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Background: Prognostic markers use an individual’s characteristics at a given time to predict future disease events, with the ultimate goal of guiding medical decision-making. If an accurate prediction can be made, then a prognostic marker could be used clinically to identify those subjects at greatest risk for future adverse events and may be used to define populations appropriate for targeted therapeutic intervention. Often, a marker is measured at a single baseline time point such as disease diagnosis, and then used to guide decisions at multiple subsequent time points. However, the performance of candidate markers may vary over time as an individual’s underlying clinical status changes. Methods: We provide an overview and comparison of modern statistical methods for evaluating the time-varying accuracy of a baseline prognostic marker. We compare approaches that consider cumulative versus incident events. Additionally, we compare the common approach of using hazard ratios obtained from Cox proportional hazards regression to more recently developed approaches using time-dependent receiver operating characteristic (ROC) curves. The alternative statistical summaries are illustrated using a multiple myeloma study of candidate biomarkers. Results: We found that time-varying HRs, HR(t), using local linear estimation revealed time trends more clearly by directly estimating the association at each time point t, compared to landmark analyses, which averaged across time ≥ t. Comparing area under the ROC curve (AUC) summaries, there was close agreement between AUCC/D(t, t + 1) which defines cases cumulatively over 1-year intervals and AUCI/D(t) which defines cases as incident events. HR(t) was more consistent with AUCI/D(t), as estimation of these measures is localized at each time point. Conclusions: We compared alternative summaries for quantifying a prognostic marker’s time-varying performance. Although landmark-based predictions may be useful when patient predictions are needed at select times, a focus on incident events naturally facilitates evaluating trends in performance over time.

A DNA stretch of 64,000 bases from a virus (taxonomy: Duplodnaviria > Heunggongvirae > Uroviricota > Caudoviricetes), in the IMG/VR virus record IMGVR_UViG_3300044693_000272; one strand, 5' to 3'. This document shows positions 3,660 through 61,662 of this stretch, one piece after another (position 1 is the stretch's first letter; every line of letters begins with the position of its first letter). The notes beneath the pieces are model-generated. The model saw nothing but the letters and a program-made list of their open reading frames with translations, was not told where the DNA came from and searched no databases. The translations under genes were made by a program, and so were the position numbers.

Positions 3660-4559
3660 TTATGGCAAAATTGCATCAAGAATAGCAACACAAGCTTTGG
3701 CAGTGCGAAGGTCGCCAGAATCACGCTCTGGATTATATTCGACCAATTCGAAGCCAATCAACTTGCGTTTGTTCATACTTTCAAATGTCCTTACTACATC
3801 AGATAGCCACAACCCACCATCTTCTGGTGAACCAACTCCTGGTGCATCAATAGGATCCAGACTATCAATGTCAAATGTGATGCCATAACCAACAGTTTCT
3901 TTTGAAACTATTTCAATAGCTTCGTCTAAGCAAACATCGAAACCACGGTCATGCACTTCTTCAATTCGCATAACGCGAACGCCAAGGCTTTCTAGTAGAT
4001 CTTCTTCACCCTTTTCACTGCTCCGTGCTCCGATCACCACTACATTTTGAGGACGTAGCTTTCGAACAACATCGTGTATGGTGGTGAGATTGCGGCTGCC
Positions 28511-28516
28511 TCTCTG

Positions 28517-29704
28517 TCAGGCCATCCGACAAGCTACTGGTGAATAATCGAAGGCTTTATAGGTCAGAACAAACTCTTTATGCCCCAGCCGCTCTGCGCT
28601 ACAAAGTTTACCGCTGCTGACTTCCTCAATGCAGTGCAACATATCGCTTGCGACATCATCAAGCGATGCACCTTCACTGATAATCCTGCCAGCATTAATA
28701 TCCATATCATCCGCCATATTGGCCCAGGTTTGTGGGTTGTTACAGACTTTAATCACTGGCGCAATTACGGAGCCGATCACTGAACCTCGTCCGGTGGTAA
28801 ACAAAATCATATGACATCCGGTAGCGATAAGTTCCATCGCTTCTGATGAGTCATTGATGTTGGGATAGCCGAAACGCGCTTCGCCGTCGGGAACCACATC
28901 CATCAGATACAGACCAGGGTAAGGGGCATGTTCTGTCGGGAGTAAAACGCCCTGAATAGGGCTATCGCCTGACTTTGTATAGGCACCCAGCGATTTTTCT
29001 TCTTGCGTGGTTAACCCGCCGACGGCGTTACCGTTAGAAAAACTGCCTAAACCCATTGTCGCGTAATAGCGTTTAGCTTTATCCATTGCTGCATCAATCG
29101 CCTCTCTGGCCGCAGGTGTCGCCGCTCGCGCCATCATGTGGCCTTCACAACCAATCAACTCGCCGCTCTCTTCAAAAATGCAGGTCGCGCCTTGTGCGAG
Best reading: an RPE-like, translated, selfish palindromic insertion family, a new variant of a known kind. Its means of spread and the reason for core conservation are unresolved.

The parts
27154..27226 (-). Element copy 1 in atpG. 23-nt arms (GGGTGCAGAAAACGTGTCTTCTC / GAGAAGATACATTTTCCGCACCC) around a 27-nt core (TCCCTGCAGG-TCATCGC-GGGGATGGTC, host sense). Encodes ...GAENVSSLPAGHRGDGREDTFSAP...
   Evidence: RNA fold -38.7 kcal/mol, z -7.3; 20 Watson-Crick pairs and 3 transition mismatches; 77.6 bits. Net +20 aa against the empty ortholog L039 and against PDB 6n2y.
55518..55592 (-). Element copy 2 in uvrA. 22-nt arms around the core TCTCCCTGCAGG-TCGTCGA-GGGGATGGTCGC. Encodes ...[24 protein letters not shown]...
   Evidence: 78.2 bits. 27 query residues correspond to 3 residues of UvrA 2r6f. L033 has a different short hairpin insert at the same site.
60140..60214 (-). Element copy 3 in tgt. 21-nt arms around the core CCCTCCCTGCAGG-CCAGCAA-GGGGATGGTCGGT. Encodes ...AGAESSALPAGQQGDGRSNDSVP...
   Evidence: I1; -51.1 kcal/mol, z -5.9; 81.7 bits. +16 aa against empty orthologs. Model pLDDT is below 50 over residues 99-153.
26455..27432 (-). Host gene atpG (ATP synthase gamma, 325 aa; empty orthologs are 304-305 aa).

@article{bansal_comparison_2019-1, title = {A comparison of landmark methods and time-dependent {ROC} methods to evaluate the time-varying performance of prognostic markers for survival outcomes}, volume = {3}, issn = {2397-7523}, url = {https://diagnprognres.biomedcentral.com/articles/10.1186/s41512-019-0057-6}, doi = {10.1186/s41512-019-0057-6}, abstract = {Background: Prognostic markers use an individual’s characteristics at a given time to predict future disease events, with the ultimate goal of guiding medical decision-making. If an accurate prediction can be made, then a prognostic marker could be used clinically to identify those subjects at greatest risk for future adverse events and may be used to define populations appropriate for targeted therapeutic intervention. Often, a marker is measured at a single baseline time point such as disease diagnosis, and then used to guide decisions at multiple subsequent time points. However, the performance of candidate markers may vary over time as an individual’s underlying clinical status changes. Methods: We provide an overview and comparison of modern statistical methods for evaluating the time-varying accuracy of a baseline prognostic marker. We compare approaches that consider cumulative versus incident events. Additionally, we compare the common approach of using hazard ratios obtained from Cox proportional hazards regression to more recently developed approaches using time-dependent receiver operating characteristic (ROC) curves. The alternative statistical summaries are illustrated using a multiple myeloma study of candidate biomarkers. Results: We found that time-varying HRs, HR(t), using local linear estimation revealed time trends more clearly by directly estimating the association at each time point t, compared to landmark analyses, which averaged across time ≥ t. Comparing area under the ROC curve (AUC) summaries, there was close agreement between AUCC/D(t, t + 1) which defines cases cumulatively over 1-year intervals and AUCI/D(t) which defines cases as incident events. HR(t) was more consistent with AUCI/D(t), as estimation of these measures is localized at each time point. Conclusions: We compared alternative summaries for quantifying a prognostic marker’s time-varying performance. Although landmark-based predictions may be useful when patient predictions are needed at select times, a focus on incident events naturally facilitates evaluating trends in performance over time.}, language = {en}, number = {1}, urldate = {2021-04-28}, journal = {Diagnostic and Prognostic Research}, author = {Bansal, Aasthaa and Heagerty, Patrick J.}, month = dec, year = {2019}, pages = {14}, file = {Bansal and Heagerty - 2019 - A comparison of landmark methods and time-dependen.pdf:/Users/neil.hawkins/Zotero/storage/CPLIKZPR/Bansal and Heagerty - 2019 - A comparison of landmark methods and time-dependen.pdf:application/pdf}, }

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